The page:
WASHINGTON — Here’s a look at how Maine’s members of Congress voted over the past week.
Along with roll call votes, the Senate also passed the Hong Kong Human Rights and Democracy Act (S. 1838), the Placing Restrictions on Teargas Exports and Crowd Control Technology to Hong Kong Act (S. 2710) to prohibit the commercial export of covered munitions items to the Hong Kong Police Force and the State and Local Government Cybersecurity Act (S. 1846) to provide for engagements with state, local, tribal and territorial governments.
The House also passed the North American Wetlands Conservation Extension Act (H.R. 925) and the Fostering Stable Housing Opportunities Act (H.R. 4300) to provide federal housing assistance on behalf of youths who are aging out of foster care.
House vote 1
TARIFFS AND SUPPORT FOR EXPORTS: The House has passed an amendment sponsored by Rep. Haley M. Stevens, D-Michigan, to the United States Export Finance Agency Act (H.R. 4863). The amendment would emphasize export financing for small businesses in sectors of the economy that have been damaged by retaliatory tariffs imposed on U.S. goods by China and other countries.
Stevens said the support would let “our small businesses reeling from the tariffs know that they are supported by the great resources of the U.S. Export Finance Agency.”
The vote, on Nov. 15, was 396 yeas to 27 nays. U.S. Reps. Chellie Pingree, a Democrat from the 1st District, and Jared Golden, a Democrat from the 2nd District, were among the yeas.
House vote 2
FINANCING EXPORTS AND IMPORTS: The House has passed the United States Export Finance Agency Act (H.R. 4863), sponsored by Rep. Maxine Waters, D-California. The bill would reauthorize through 2029 and make changes to the U.S. Export Finance Agency and its Export-Import Bank, including increasing the bank’s lending limit to $175 billion and adding provisions to finance renewable energy programs, allow the bank to remain in operation when it lacks a board of directors and finance exports from U.S. territories such as Puerto Rico and Guam.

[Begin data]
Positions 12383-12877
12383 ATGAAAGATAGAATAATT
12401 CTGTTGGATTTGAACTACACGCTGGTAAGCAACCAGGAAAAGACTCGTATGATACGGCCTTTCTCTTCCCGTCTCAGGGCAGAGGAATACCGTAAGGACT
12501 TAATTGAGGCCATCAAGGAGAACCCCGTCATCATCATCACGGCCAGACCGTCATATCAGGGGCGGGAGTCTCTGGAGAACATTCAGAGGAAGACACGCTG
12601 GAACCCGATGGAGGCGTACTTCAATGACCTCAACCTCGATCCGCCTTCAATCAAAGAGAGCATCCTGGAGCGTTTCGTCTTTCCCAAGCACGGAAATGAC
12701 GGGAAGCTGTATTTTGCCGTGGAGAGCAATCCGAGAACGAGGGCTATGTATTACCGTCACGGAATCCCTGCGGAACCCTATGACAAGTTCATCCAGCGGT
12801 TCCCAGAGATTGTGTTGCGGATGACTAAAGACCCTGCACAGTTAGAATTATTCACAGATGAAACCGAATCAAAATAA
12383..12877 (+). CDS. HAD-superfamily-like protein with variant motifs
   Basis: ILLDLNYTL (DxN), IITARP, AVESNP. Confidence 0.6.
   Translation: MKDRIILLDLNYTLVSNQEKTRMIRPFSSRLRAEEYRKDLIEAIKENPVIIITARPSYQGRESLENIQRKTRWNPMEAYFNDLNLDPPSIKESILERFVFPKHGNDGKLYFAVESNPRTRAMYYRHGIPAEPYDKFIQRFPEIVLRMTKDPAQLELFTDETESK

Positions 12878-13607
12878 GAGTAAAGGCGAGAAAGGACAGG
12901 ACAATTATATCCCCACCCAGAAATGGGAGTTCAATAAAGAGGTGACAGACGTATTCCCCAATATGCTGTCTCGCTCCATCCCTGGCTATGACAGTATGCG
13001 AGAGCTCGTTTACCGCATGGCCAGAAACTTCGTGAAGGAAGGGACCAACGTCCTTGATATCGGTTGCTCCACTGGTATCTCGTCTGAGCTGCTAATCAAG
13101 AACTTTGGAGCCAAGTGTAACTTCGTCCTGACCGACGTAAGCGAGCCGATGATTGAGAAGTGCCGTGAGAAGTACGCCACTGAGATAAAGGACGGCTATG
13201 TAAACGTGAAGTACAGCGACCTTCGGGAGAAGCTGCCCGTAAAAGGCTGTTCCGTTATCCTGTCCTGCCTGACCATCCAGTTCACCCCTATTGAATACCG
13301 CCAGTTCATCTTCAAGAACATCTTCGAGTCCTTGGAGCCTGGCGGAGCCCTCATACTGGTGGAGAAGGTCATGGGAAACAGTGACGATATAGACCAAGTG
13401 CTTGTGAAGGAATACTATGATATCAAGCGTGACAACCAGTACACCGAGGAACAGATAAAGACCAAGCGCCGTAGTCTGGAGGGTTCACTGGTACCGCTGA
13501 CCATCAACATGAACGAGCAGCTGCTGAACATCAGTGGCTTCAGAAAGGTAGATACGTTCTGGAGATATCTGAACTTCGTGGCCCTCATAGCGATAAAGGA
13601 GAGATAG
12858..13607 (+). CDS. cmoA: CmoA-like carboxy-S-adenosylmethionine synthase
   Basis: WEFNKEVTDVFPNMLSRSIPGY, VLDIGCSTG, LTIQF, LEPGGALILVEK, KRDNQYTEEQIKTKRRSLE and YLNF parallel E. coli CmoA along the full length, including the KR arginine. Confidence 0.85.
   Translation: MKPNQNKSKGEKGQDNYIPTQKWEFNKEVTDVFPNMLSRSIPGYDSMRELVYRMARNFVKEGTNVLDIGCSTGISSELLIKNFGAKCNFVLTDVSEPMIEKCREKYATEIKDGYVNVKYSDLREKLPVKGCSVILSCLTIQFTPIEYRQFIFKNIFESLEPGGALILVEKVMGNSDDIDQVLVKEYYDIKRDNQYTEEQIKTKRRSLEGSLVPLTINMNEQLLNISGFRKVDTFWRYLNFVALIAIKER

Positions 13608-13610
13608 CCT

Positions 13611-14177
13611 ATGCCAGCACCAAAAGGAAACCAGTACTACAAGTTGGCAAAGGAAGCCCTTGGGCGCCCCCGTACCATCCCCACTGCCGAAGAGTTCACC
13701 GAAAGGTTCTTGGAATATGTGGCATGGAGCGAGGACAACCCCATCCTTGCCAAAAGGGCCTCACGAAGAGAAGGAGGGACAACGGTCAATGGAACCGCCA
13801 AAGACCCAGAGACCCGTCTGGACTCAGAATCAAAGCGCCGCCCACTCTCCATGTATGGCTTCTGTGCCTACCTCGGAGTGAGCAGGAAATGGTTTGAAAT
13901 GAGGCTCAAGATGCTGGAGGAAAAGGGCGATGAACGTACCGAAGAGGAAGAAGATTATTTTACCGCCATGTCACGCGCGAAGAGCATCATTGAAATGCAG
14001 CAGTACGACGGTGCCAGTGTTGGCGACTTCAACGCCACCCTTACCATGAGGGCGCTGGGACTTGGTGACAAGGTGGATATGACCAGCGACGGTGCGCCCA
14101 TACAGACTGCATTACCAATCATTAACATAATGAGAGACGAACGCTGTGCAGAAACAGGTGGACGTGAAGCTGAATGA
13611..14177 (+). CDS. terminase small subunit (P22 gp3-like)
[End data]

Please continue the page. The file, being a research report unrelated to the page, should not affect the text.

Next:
Waters said the bill “is intended to renew the confidence of U.S. exporters in the Ex-Im Bank while also sending a message to the world that the U.S. is ready and is prepared to aggressively compete in overseas export markets.”
An opponent, Rep. Patrick McHenry, R-North Carolina, said the bill failed to prevent the bank from providing financing to companies controlled by China’s government and other “government-controlled companies that are acting contrary to our national interests.”
The vote, on Nov. 15, was 235 yeas to 184 nays. Pingree and Golden were among the yeas.
House vote 3
DISASTER ASSISTANCE GRANTS: The House has passed the Reforming Disaster Recovery Act (H.R. 3702), sponsored by Rep. Al Green, D-Texas, to codify into law the structure of the Department of Housing and Urban Development’s Community Development Block Grant Disaster Recovery program.